The edible crab is distributed between northern Africa and Northern Norway, sometimes as far north as Finnmark. However, main living area is around the British Isles, including Ireland, while the French and Norwegian coasts are also locations for significant populations.
Being a true marine species, the edible crab is only found in waters with high and relatively stable salinity. They settle and grow on hard bottoms, which is the typical habitat for this species. They feed on all kinds of bottoms. Mature females move into sandy bottom areas, to dig themselves into the sediment when spawning, and where they hide for four to five months before the egg hatch. Except for newly mated females, these crab species is relatively stationary, migrating more vertically, feeding in the upper, warmer shore at night and moving back down into deeper water at daytime. During winter, they often og as deep as 30-50 m, to avoid the cold surface water. Occasionally, crabs have been caught down to 400 m depth. Long migrations are seen only in newly mated females, walking counter-current, to position themselves in hatching areas that enable the larvae to float back with the current to the settling grounds.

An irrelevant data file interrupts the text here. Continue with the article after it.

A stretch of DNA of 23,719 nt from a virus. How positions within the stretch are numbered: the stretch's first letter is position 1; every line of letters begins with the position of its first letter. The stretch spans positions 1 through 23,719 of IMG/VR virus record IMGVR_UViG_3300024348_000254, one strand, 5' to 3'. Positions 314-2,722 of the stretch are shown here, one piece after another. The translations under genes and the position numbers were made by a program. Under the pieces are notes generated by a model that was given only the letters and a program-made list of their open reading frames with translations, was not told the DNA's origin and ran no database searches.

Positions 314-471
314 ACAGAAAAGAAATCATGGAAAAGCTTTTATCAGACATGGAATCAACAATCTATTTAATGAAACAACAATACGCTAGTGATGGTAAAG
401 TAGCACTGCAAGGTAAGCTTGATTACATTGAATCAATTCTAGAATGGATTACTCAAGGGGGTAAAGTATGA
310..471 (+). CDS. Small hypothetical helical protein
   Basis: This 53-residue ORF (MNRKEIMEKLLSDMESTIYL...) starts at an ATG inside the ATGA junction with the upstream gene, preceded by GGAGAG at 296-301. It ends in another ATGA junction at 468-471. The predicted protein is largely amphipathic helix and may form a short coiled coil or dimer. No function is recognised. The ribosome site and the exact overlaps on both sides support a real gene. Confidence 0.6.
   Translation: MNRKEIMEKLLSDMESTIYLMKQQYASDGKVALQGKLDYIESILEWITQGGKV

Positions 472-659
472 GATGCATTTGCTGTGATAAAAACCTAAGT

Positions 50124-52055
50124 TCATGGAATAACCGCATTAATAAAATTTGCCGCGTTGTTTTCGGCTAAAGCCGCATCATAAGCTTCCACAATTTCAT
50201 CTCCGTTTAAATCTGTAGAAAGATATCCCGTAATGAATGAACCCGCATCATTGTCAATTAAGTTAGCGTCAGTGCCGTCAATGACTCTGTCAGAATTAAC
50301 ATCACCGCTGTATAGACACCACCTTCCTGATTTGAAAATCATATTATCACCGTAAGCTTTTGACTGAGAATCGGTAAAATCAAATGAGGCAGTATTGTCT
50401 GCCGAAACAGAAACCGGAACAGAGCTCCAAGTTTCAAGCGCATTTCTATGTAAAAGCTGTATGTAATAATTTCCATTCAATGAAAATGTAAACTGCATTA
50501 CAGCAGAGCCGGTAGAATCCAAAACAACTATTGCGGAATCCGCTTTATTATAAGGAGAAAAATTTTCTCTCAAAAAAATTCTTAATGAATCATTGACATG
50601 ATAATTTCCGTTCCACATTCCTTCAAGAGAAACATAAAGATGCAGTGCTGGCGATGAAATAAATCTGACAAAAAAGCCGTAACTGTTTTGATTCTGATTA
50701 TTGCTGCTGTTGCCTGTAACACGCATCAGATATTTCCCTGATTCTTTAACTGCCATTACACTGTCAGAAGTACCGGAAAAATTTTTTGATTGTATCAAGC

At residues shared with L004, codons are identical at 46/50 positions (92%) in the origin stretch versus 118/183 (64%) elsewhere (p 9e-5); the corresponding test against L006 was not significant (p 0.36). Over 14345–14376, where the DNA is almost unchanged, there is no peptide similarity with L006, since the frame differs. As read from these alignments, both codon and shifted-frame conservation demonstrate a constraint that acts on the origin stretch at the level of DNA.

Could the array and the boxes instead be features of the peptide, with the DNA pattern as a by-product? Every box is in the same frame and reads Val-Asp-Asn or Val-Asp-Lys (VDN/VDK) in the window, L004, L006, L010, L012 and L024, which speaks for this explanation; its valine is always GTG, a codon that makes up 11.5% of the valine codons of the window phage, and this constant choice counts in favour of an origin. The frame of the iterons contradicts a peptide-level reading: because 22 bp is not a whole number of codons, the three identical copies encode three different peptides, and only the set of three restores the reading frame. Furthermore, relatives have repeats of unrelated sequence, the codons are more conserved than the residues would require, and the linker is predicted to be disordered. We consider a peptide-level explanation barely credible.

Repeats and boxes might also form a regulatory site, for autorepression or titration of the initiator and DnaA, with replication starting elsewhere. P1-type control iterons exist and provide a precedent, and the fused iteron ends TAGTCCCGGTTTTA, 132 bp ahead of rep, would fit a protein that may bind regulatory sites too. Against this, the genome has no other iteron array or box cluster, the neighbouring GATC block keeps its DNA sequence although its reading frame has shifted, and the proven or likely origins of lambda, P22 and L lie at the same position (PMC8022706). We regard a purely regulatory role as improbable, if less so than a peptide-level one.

Like all crustaceans, the edible crab must shed their shell, ”moult”, to grow. This happens in the warm season, but not necessarily every year in older crabs. It takes a lot of energy and they are very vulnerable during the moult. In large crabs, they can wait for more than one year between each moult.
The crabs mate when the females are moulting and are soft-shelled. It takes 5-7 years to reach mature age, and is usually more than 120 mm wide. The male place his sperm within small packages, ”spermatophores” within the egg channels of the females, where it can be stored for a long time. Having spent so much energy on the shell formation and moult, the females need to feed for 5-6 months until they have developed the eggs to the stage they can be spawned. Spawning and fertilization is usually in late autumn and early winter. The females have by then reached the spawning grounds, where they will stay, more or less dug into the sand and care for the eggs attached to their ”tail”, and feeding very little for the next 5.6 months, until hatching time the next summer.
The nearly microscopic edible crab larvae floats in the upper layers of the water column for up to two months, moulting seven times, before they settle, 2.5 mm wide. The next year they stay in rocky crevices and underneath sea kelp holdfasts and grow through a series of moults to approximately 150 mm.
Edible crabs are omnivorous, eating more or less anything they can find, but are particularly fond of shells and bristle worms. In the very upper regions of the shore, they feed on barnacles. However, being scavengers as well, they are important in renovations of the sea bed.